This post is in response to my cousin’s request for my comments on Mark Steyn’s article, “The Sun Also Sets.” I gladly accepted the challenge, because I need more challenges from my conservative friends and family. Before we begin, let’s meet Mark Steyn.
Mark Steyn left school at the age of 18 to become a disc jockey. He also occasionally fills in for Rush Limbaugh, an ultra conservative blowhard who recently called a Georgetown law student a slut, leading to over 90 advertisers pulling their advertising on his show. These minor details do not take away from the fact that Mark has become quite the successful journalist, authoring several books. He’s pulled himself up by the bootstraps quite well so to speak, a trait many conservatives find so great.
Mark begins his vigorous rant in his article by pointing out a hard fact that “Obama has run up more debt in three years than President Bush did in eight.” This is an indisputable fact. Anyone can look this up. However, only an angry conservative would stop at that fact.
Let’s explore a few others, shall we? The president who has increased the National Debt the most, by all measures, remains Ronald Reagen [skymachines]. The least… Clinton. In fact, in Clinton’s last year in office, he successfully DECREASED the debt by 2%. George W. Bush followed that up with three consecutive years of an increasing rate of increasing debt, from Clinton’s -2% to 5%, 8%, and then 9%. To Bush’s credit, he decreased this rate over the next 4 years to 8%, 8%, 6%, 6%. But then the recession hit. During Bush’s last year in office the national debt increased by 16% to 10.70 trillion. President Bush’s final tally: an increase from 5.66 trillion to 10.70 trillion, an 89% increase over his two terms indicating an 11.1% average annual increase.
Now, let’s put Obama’s increase in perspective. As we all know, he inherited the presidency in a different time. Here is an excerpt from his Address to the Nation, July 25, 2011:
“As a result, the deficit was on track to top $1 trillion the year I took office. To make matters worse, the recession meant that there was less money coming in, and it required us to spend even more – on tax cuts for middle-class families to spur the economy; on unemployment insurance; on aid to states so we could prevent more teachers and firefighters and police officers from being laid off. These emergency steps also added to the deficit.”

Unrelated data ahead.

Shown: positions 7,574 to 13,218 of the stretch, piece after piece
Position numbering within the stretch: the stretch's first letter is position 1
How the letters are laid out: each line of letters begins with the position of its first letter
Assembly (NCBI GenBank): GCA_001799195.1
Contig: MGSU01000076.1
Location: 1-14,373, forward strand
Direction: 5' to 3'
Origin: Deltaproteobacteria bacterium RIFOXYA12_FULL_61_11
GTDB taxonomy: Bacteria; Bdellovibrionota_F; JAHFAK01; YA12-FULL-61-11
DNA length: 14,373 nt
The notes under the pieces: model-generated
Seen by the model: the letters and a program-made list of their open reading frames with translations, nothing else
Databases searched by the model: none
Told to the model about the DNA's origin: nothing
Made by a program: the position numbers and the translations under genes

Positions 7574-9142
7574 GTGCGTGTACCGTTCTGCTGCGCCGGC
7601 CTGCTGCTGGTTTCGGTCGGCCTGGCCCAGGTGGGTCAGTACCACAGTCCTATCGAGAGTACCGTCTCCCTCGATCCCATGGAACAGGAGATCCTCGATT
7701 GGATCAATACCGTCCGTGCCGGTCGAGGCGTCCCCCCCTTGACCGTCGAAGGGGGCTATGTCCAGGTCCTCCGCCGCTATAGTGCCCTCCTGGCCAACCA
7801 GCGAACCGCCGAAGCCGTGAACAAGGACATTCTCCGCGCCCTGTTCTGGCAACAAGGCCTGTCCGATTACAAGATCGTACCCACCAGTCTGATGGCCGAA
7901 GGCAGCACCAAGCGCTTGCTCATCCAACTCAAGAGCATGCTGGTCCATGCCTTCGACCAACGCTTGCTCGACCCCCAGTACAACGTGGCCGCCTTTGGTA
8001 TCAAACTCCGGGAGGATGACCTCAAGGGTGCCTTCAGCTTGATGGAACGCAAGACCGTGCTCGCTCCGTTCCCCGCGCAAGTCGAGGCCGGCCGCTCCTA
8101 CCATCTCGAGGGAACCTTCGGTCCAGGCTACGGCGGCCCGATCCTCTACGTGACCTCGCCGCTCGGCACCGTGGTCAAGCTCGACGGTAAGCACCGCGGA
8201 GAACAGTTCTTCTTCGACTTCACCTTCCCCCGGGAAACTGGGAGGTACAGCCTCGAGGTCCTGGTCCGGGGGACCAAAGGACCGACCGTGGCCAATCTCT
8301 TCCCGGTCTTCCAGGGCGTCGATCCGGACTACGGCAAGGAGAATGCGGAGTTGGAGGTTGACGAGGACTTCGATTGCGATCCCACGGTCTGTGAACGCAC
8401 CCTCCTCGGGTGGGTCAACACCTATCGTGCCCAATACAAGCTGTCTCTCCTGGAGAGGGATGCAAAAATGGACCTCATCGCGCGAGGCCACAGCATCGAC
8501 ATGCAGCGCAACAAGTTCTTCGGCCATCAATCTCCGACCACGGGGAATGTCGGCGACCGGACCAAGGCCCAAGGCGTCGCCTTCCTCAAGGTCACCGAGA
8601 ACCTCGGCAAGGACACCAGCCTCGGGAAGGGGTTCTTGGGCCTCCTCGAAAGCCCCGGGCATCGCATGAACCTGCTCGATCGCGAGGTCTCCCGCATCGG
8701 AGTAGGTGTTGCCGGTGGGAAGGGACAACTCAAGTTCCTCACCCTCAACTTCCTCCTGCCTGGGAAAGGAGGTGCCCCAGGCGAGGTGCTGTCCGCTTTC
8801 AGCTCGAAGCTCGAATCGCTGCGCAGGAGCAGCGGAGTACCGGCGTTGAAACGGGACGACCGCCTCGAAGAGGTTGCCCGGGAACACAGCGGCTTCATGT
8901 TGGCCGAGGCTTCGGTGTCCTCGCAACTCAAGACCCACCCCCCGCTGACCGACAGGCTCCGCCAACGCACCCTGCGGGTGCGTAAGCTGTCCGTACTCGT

In light of this, the president has improved the horrible trend of increasing debt. In his first year of office, the increasing trend decreased from 16% to 15%. Then, to 14% in his second year. In his third year, 8%. Using an analogy of a speeding car going toward a cliff, I would call this backing off the accelerator, perhaps going down to 3rd gear. So, why does Steyn think “A second-term Obama would roar full throttle to the cliff edge” given this information? Although Obama has run up more debt in three years than Bush did in eight, it has risen by 45% from when he started office. Some may feel he will surpass Bush’s 89% increase over his two terms, but not if Obama’s decreasing trend continues.
Steyn is not alone in thinking that “The president doesn’t see [running up debt] as a problem.” Mitt Romney said at a rally in Cleveland, OH that Obama “didn’t even mention the deficit or the debt” in his state of the union address. I won’t write down the six times that he mentions the debt and addresses a plan to fix it. I’ll let you read about it and see the ridiculousness of these claims for yourself [Politifact].
With all of these facts, I’m not trying to blame the debt on anyone. That doesn’t accomplish anything. As the president said in the same address referenced above:
“Because neither party is blameless for the decisions that led to this problem, both parties have a responsibility to solve it.”
I want to emphasize something the president says that we should all agree on. Neither party is blameless. Yet, Steyn easily points the finger at Obama. There is a huge reason why Obama’s budgets have not worked very well, and that is that the parties are deeply polarized, in large part because Republicans refuse to consider tax increases on those individuals earning $250,000 or more [Economist]. Mr. Obama wants to cut the deficit by 3.8 trillion over the next decade 1.4 of which could come from raising taxes on the wealthy.
Obama again said it best:
“Democrats and Republicans agree on the amount of deficit reduction we need. The debate is about how it should be done. Most Americans, regardless of political party, don’t understand how we can ask a senior citizen to pay more for her Medicare before we ask a corporate jet owner or the oil companies to give up tax breaks that other companies don’t get. How can we ask a student to pay more for college before we ask hedge fund managers to stop paying taxes at a lower rate than their secretaries? How can we slash funding for education and clean energy before we ask people like me to give up tax breaks we don’t need and didn’t ask for?”
The bottom line is that both parties are to blame. Both parties are at fault. Democrats need to make a few more painful cuts to them. Republicans need to accept a small tax increase that would bring in more revenue. Why don’t we see such compromise? Politics. Republicans cannot give in, because a reduced deficit means that Obama’s chances of re-election would increase. Democrats cannot give in, because the continued deficit means giving up the presidency.
Wouldn’t it be amazing if our leaders and representatives made decisions based on what was good for the country and not based on power and control? Unfortunately, that is a story only in fiction.